MDR1 Multidrug Sensitivity

About MDR1 Multidrug Sensitivity

TSCR_MDR1 Introduction Infographic FINAL

MDR1 refers to the canine Multidrug Resistance 1 gene, which codes for a protein that helps certain drug compounds cross the cell membrane. Mutations in MDR1 can “break” the protein, preventing those drug compounds from crossing properly. This puts dogs with MDR1 mutations at risk of experiencing severe—and potentially life-threatening—complications from those drug compounds.

Every dog has 2 copies of the MDR1 gene: One is inherited from their mother, and the other from their father. A dog’s drug sensitivity risk depends on their MDR1 mutation status. Having 2 mutated copies of MDR1 puts a dog at high risk of complications from taking medications that need the MDR1 protein’s help to move into and out of cells.

MDR1 mutations are most common in herding dogs, like Collies, Australian Shepherds, Shelties, and Border Collies. Around 70% of Collies have at least 1 mutated copy of the MDR1 gene. The Washington State University College of Veterinary Medicine’s Program in Individualized Medicine (PrIMe) maintains a list of dog breeds most commonly affected by MDR1 mutations.

Some drug compounds are known to pose health risks for dogs with one or two mutated copies of MDR1. The MDR1 mutation was actually first discovered due to observed sensitivities to ivermectin in some dogs. MDR1 multidrug sensitivity has since been extensively researched, and PrIMe maintains a list of problem medications for dogs with this genetic condition.

Some drugs of concern can be safely used with dogs who have the MDR1 mutation, but only at certain doses. For example, research has shown that ivermectin and related parasite prevention drugs are safe for these dogs at the FDA-approved doses for heartworm prevention, but NOT at the doses required to treat other conditions, such as mange. Other drugs, like loperamide (Immodium) are toxic at even the lowest therapeutic dose and should be avoided at all costs.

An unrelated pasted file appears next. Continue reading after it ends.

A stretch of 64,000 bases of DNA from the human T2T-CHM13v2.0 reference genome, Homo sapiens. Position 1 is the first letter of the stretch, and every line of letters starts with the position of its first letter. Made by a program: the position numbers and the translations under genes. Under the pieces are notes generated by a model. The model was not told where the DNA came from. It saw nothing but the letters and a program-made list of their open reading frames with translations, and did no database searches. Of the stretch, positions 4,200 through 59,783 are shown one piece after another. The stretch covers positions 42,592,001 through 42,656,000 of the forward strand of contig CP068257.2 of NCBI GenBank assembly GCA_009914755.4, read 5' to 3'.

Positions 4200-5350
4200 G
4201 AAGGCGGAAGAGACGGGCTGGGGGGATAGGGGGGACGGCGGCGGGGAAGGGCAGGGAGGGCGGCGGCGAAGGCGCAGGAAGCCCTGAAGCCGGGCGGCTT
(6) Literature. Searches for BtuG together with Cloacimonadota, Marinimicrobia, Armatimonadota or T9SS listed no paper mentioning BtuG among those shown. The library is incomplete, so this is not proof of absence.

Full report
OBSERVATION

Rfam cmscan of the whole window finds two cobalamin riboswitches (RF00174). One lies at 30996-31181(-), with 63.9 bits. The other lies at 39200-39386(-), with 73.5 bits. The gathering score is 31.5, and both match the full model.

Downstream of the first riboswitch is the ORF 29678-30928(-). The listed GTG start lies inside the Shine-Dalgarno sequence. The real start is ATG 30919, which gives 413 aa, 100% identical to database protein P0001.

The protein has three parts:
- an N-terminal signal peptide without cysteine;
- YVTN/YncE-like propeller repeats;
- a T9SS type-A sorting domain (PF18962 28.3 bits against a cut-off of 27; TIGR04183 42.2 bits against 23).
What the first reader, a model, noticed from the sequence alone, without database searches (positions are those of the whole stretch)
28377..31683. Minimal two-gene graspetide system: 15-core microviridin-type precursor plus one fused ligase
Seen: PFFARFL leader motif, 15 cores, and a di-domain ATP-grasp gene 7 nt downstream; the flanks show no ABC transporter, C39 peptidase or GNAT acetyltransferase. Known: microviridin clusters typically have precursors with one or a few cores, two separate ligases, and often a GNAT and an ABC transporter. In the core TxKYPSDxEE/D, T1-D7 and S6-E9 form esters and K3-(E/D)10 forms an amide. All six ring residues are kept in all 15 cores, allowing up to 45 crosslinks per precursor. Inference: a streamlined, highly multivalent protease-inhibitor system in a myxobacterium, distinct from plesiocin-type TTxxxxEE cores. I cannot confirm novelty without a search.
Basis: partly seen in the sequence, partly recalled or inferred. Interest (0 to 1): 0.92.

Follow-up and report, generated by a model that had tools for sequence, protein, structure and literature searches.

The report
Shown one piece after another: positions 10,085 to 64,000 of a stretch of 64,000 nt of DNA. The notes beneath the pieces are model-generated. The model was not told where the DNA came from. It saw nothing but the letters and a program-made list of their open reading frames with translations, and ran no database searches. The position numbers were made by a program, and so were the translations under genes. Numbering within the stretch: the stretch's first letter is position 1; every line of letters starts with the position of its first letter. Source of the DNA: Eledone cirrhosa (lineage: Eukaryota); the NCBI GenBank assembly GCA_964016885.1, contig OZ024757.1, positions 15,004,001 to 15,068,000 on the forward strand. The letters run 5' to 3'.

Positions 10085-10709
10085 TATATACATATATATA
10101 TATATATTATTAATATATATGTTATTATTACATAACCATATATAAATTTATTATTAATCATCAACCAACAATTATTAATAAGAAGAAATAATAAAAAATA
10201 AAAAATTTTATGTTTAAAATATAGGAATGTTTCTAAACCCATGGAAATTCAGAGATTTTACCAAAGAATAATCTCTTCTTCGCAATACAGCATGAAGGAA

In an online summary of MDR1 multidrug sensitivity, the American Animal Hospital Association says that when possible, choosing an alternative drug to accomplish the same therapeutic effect is recommended for dogs with known or suspected MDR1 mutations. If this isn’t possible, dosing recommendations are available through individual consultations with PrIMe.

The infographic on the right shows PrIME’s problem drugs list in a table that was adapted from those displayed on both PrIME’s website and the Collie Health Foundation website. We hope that it’s helpful in learning which medications may be dangerous for dogs with the MDR1 mutation.

TSCR MDR1 Problem Drugs infographic FINAL
MDR1 Genetic Testing Infographic FINAL

Commercially-available DNA tests can determine a dog’s MDR1 mutation status. MDR1 DNA testing uses a cheek swab or blood sample from a dog to check for the presence of the MDR1 mutation.

The possible results of the MDR1 genetic test are:

  • Normal/Normal: These dogs do not carry the MDR1 mutation and cannot pass it on to their offspring. They are not at risk of adverse reactions from taking MDR1 problem drugs.

  • Normal/Mutant: These dogs carry the MDR1 mutation and can pass it on to their offspring. They are at risk of adverse reactions from taking MDR1 problem drugs.

  • Mutant/Mutant: These dogs are affected by the MDR1 mutation and will pass it on to all of their offspring. They are at high risk of adverse reactions from taking MDR1 problem drugs.

If your dog is a herding breed, or you would otherwise like to check to see whether they have the MDR1 mutation, ask your veterinarian about getting a DNA test. These tests are commercially available through a number of companies, programs, and laboratories, including:

At TSCR, we perform an MDR1 genetic test on every rescue Collie who comes through our program. This helps to ensure that their forever families and veterinarians know their exact risk for MDR1 multidrug sensitivity.

Getting your dog’s DNA with a cheek swab for an MDR1 genetic test is actually pretty simple! Watch our “Indiana Bones and the MDR1 Genetic Test” Reel on Facebook or on Instagram to see just how easy the process is!

TSCR Indiana Bones and the MDR1 Genetic Test